County’s jobless rate ticks up slightly
Butler County’s jobless rate ticked up slightly during the first month of the New Year, according to figures released Monday by the Alabama Department of Labor.
The county’s unemployment rate for January was 7.6 percent, which was up from 7.4 percent in December.
The slight increase reflected a trend among neighboring counties.
Crenshaw County saw its rate jump from 5.9 percent to 6.5 percent, while Lowndes County’s rate increased to 12 percent from 10.7 percent and Wilcox County saw its rate go to a state-high 16 percent from 15.1 percent.
The state as a whole saw its unemployment rate dip slightly.
Alabama’s seasonally adjusted rate for January is 6.2 percent. It was 6.3 percent in December.
Seasonal adjustment refers to the practice of anticipating certain trends in the labor force, such as hiring during the holidays or the surge in the labor force when students graduate in the spring, and removing their effects to the civilian labor force.
“January’s rate contains some interesting and positive data,” Alabama Department of Labor Commissioner Fitzgerald Washington said. “There is almost no change in the rate, mainly due to the fact that there were more people in the labor force and more people were employed. These are both good signs because it means that people are continuing to display confidence in the economy and that they are able to find work. In fact, the number of people counted as employed in January is higher than it has been since October 2008.”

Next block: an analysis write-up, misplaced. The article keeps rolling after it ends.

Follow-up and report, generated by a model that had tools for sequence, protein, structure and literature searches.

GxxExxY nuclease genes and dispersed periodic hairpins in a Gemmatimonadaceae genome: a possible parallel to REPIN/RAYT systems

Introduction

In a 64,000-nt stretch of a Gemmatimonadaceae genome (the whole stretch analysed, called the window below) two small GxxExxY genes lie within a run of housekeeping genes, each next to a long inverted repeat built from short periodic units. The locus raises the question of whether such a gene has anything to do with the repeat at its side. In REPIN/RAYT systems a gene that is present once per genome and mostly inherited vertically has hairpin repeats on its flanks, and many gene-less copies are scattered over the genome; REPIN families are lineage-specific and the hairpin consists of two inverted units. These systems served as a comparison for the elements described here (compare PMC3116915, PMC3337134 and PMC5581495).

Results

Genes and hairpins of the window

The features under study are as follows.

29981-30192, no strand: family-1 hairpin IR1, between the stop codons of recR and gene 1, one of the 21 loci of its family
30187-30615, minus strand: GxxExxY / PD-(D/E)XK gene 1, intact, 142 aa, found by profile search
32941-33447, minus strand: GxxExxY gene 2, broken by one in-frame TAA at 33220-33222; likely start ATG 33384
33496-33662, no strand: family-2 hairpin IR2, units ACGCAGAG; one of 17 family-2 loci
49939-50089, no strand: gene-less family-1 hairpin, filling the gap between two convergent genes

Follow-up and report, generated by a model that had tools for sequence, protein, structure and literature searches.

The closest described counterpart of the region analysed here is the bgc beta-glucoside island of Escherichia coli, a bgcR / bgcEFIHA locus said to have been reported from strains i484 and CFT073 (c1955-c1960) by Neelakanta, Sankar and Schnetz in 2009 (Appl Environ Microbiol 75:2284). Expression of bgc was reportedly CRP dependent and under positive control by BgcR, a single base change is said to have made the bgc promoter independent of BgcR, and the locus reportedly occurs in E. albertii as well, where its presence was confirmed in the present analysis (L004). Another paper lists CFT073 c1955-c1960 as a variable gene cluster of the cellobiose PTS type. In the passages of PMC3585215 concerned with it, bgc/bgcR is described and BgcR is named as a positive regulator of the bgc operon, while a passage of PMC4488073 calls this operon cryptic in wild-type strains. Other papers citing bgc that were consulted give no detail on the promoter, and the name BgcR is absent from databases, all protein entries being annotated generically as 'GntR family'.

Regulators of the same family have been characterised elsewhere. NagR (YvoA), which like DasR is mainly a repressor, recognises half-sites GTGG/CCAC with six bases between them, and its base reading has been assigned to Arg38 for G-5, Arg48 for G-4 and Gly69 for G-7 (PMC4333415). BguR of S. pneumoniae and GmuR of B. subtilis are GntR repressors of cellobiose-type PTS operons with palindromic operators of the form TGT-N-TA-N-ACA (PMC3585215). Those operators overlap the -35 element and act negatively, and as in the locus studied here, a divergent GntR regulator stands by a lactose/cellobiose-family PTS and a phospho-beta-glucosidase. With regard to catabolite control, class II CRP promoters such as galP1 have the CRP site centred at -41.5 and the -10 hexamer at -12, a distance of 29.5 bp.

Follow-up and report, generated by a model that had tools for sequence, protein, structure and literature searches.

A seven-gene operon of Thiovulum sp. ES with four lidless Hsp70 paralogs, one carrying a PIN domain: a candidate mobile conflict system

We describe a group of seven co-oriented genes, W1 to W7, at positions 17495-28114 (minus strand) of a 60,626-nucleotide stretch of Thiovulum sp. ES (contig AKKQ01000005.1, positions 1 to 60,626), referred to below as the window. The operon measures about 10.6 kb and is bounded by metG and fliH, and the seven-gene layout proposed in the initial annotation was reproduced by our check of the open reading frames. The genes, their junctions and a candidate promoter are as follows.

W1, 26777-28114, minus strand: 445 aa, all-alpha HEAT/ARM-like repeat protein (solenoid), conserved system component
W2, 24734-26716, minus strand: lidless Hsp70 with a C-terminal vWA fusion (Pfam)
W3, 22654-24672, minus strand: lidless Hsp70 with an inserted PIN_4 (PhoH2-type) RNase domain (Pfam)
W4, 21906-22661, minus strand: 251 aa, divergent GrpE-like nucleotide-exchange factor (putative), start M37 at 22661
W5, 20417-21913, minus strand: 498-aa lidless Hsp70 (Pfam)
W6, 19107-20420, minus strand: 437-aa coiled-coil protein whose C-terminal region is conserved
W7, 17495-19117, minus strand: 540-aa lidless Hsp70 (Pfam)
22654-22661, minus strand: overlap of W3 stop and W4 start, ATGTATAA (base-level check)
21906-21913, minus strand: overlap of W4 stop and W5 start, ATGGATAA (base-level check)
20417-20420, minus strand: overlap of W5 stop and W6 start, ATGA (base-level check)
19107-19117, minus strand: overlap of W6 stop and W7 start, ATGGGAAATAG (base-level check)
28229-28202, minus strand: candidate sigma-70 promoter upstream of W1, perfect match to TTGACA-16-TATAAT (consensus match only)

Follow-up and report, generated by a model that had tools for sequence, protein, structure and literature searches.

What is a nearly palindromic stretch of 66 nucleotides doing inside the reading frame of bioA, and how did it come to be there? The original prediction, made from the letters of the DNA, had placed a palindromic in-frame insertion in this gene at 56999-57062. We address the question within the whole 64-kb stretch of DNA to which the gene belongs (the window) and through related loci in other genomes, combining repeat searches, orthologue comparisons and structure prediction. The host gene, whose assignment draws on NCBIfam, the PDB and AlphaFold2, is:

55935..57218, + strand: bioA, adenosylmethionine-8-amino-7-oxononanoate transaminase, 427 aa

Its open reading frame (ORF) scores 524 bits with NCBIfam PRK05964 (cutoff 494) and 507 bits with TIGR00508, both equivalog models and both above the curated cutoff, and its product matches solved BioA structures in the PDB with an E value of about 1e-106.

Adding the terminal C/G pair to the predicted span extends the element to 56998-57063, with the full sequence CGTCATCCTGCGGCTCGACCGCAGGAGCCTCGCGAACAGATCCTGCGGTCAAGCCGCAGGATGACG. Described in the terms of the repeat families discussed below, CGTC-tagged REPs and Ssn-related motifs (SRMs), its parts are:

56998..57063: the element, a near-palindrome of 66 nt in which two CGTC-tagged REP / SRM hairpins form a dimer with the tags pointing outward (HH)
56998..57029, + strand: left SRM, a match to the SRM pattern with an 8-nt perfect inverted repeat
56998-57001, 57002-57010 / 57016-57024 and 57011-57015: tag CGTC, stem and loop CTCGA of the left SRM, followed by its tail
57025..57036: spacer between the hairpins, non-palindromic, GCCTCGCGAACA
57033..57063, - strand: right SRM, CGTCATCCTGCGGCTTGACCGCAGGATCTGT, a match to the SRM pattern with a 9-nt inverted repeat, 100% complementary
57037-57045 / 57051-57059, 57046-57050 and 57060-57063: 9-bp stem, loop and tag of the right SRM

The Civilian Labor Force increased in January by 8,183 to 2,154,061. The number of people employed increased in January by 8,178 to 2,019,653. The last time this number was at or above this number was in October 2008, when it was 2,021,511, according to the Alabama Department of Labor.
“We remain committed to lowering Alabama’s unemployment rate, but we are even more committed to making sure that every Alabamian who wants a job has the opportunity to have one,” said Gov. Robert Bentley. “We are making significant progress towards that goal. This month’s jobs numbers are showing some of the best growth we have seen in years, and we are encouraged by the momentum. We will not stop in our mission to bring quality jobs to Alabama, and help our existing businesses become even more successful.”
The counties with lowest unemployment rates are Shelby County at 4.5 percent, Elmore County and Lee County at 5.3 percent, and Autauga County and St. Clair County at 5.4 percent.
Wilcox County has the state’s highest unemployment rate, followed by Clarke County (12.4 percent), Lowndes County, Greene County (10.8 percent) and Monroe County (10.3 percent).